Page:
Hamlet vs. the Prayer Book


Purgatory, described in the 22nd of the Thirty-Nine Articles of Religion as that “Romish Doctrine” that is “repugnant to the Word of God” stalks the pages of Hamlet from Hamlet’s ghostly father’s injunction to his son to “remember me”[2], to Hamlet’s agonized nightmare of revenge as scourge and minister. This is turned to a purgatorial laying bare of his own soul – “to be or not to be” -, until the final silence and the end of Hamlet’s purgatory when the flights of angels (in Horatio’s prayer, which is a jumbled translation of the “In Paradisum” from the Sarum rite[3]) sing him to his rest before the drum of Prince Fortinbras brings the audience back into harsh political reality.[4]

The Ghost’s demand that Hamlet “remember me” is freighted with liturgical and theological complexities. As Daniel Swift has reminded us in his discussion of Hamlet, a liturgical ‘remembrance’ is far from something simply passive and it is “the liturgical term [in the late medieval period] for the set of intercessory prayers given for a departed soul at regular intervals after death.”[5]

Furthermore, the theological debates over ‘remembrance’ were at the very heart of Protestant controversies over the Eucharist. They were nothing short of a matter of life and death. The Ghost’s command to remember is indeed enough to drive anyone to the brink of madness.


And what of that strange, mad scene in the graveyard at the beginning of Act 5, with Hamlet and Horatio’s entrance being preceded by two clowns – a sexton and his mate? As the clowns prepare to dig Ophelia’s grave they begin with a theological question regarding Ophelia’s suicide and thus the propriety of Christian burial: “Is she to be buried in Christian burial when she willfully seeks her own salvation?”[6]

It was, of course, illegal to perform church rites on the stage[7], and so, before the procession with the corpse of Ophelia enters, including a “Doctor of Divinity in cassock and gown”, who offers advice for their “maiméd rites” lest they “should profane the service of the dead” with a requiem inappropriate for a suicide, Hamlet meditates upon the funeral liturgy with the skull of Yorick, the erstwhile king’s jester.[8]

As merely a stage rite this is necessarily “maimed”, at one level a far from exceptional scene in Renaissance drama (or, indeed, Counter-Reformation imagery[9]) employing a skull as a reminder of mortality, a memento mori, at another an ironic echo of the words of committal from the Book of Common Prayer, intoned by the priest as the body is lowered into the grave.

In the 1549 Prayer Book the words are spoken to the deceased, but in 1552, and in subsequent Prayer Books, including that of 1559, there is a shift into the third person and the dead is spoken not to, but about. The dead, like Purgatory itself, are becoming more remote, a theme that underlies Hamlet’smeditations. As Eamon Duffy has observed:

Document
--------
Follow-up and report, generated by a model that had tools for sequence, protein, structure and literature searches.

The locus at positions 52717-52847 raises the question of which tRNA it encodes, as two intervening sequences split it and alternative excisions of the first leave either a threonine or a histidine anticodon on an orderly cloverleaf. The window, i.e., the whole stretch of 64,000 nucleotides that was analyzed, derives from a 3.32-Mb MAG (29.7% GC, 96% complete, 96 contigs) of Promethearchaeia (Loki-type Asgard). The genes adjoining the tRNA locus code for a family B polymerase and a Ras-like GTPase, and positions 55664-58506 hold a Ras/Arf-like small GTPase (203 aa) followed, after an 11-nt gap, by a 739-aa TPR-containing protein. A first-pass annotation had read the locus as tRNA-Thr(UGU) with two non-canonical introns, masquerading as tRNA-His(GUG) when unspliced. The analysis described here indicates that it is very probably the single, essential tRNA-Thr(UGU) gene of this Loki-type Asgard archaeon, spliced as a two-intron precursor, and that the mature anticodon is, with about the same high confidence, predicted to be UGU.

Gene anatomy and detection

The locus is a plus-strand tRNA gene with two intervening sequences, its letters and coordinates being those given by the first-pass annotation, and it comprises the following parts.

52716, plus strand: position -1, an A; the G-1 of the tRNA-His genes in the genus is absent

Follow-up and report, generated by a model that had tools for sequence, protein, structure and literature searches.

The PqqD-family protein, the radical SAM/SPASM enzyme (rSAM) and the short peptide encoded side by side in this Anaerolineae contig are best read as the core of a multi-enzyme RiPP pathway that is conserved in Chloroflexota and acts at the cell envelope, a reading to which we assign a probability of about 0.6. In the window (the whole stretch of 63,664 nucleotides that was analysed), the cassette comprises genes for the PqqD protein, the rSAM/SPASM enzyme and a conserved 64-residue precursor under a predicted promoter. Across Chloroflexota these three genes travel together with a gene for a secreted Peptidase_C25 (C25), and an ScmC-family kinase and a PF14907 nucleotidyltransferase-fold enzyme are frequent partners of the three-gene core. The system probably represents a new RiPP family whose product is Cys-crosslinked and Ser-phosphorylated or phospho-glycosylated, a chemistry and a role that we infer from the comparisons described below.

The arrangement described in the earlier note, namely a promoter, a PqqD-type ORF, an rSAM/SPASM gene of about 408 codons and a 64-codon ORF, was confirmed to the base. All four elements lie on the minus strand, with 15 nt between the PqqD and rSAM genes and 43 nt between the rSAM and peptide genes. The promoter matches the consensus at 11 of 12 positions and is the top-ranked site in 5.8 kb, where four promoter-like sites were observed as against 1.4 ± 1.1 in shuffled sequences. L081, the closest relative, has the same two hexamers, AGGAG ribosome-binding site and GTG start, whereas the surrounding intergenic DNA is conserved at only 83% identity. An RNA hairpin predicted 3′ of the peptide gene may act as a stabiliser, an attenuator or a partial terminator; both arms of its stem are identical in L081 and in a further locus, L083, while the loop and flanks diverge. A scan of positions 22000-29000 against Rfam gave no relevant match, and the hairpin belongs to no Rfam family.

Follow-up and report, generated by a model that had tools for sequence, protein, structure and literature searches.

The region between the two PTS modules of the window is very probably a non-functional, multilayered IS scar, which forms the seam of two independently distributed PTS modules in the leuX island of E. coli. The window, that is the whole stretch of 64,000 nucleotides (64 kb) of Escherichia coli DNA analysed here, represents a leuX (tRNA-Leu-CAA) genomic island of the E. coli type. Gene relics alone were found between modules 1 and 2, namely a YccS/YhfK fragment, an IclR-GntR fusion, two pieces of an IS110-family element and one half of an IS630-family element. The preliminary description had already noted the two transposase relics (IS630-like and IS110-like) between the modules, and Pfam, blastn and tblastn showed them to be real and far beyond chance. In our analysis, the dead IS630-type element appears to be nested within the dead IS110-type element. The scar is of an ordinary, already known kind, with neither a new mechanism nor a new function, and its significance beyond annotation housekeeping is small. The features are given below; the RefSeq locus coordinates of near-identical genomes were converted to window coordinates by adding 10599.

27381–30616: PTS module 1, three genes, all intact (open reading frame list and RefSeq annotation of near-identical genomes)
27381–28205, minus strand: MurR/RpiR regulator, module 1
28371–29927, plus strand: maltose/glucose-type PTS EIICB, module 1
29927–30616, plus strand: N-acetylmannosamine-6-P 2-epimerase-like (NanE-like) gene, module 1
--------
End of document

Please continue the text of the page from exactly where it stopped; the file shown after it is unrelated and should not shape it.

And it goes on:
If in the rites of the dying the prayer-book of 1552 seems to come from a  different world not only from the medieval church, but even from the 1549 book, that gulf [between the living and the dead] is displayed even more starkly in the rites of the dead. [10]

Thus the priest intones, in words that would have been all too familiar to Shakespeare and his audiences as they watched and listened to Hamlet, “we therefore commit his body to the ground, earth to earth, ashes to ashes, dust to dust, in sure and certain hope of resurrection to eternal life, through our Lord Jesus Christ, who shall change our vile body that it may be like to his glorious body…”[11]

Other uses of skulls on the Jacobean stage to remind us of the brevity and vanity of human life differ from Hamlet’s absorption with the liturgy of the Book of Common Prayer. Almost contemporary with Shakespeare’s play is The Revenger’s Tragedy (1607), normally attributed to Cyril Tourneur, in which the revenger Vindice holds aloft the skull of his erstwhile lady and utters the grim words:

Does every proud and self-affecting dame
Camphor her face for this, and grieve her maker
In sinful baths of milk….[12]

Hamlet, however, placing the skull of Yorick on the ground, reflects on the “noble dust of Alexander”, which is changed not into a glorious, Christ-like body in the resurrection, but is rather traced in the imagination “till a’ find it stopping a bung hole.” Hamlet follows, and then distorts, the logic and narrative of Church’s liturgy of the burial of the dead:

as thus – Alexander died, Alexander was buried, Alexander returneth to dust, the dust is earth, of earth we make loam, and why of that loam whereto he was converted might they not stop a beer-barrel?[13]

Shakespeare is here deliberately unpicking the logic of the shifting theological emphases in the funeral liturgy from the Prayer Books of 1549, to 1552 and then 1559. In Duffy’s words:

The dead could be spoken to directly, even in 1549, because in some sense they still belonged within the human community. But in the world of 1552 book the dead were no longer with us. They could neither be spoken to nor even about, in any way that affected their well-being…. The service was no longer a rite of intercession on behalf of the dead, but anexhortation to faith on the part of the living.[14]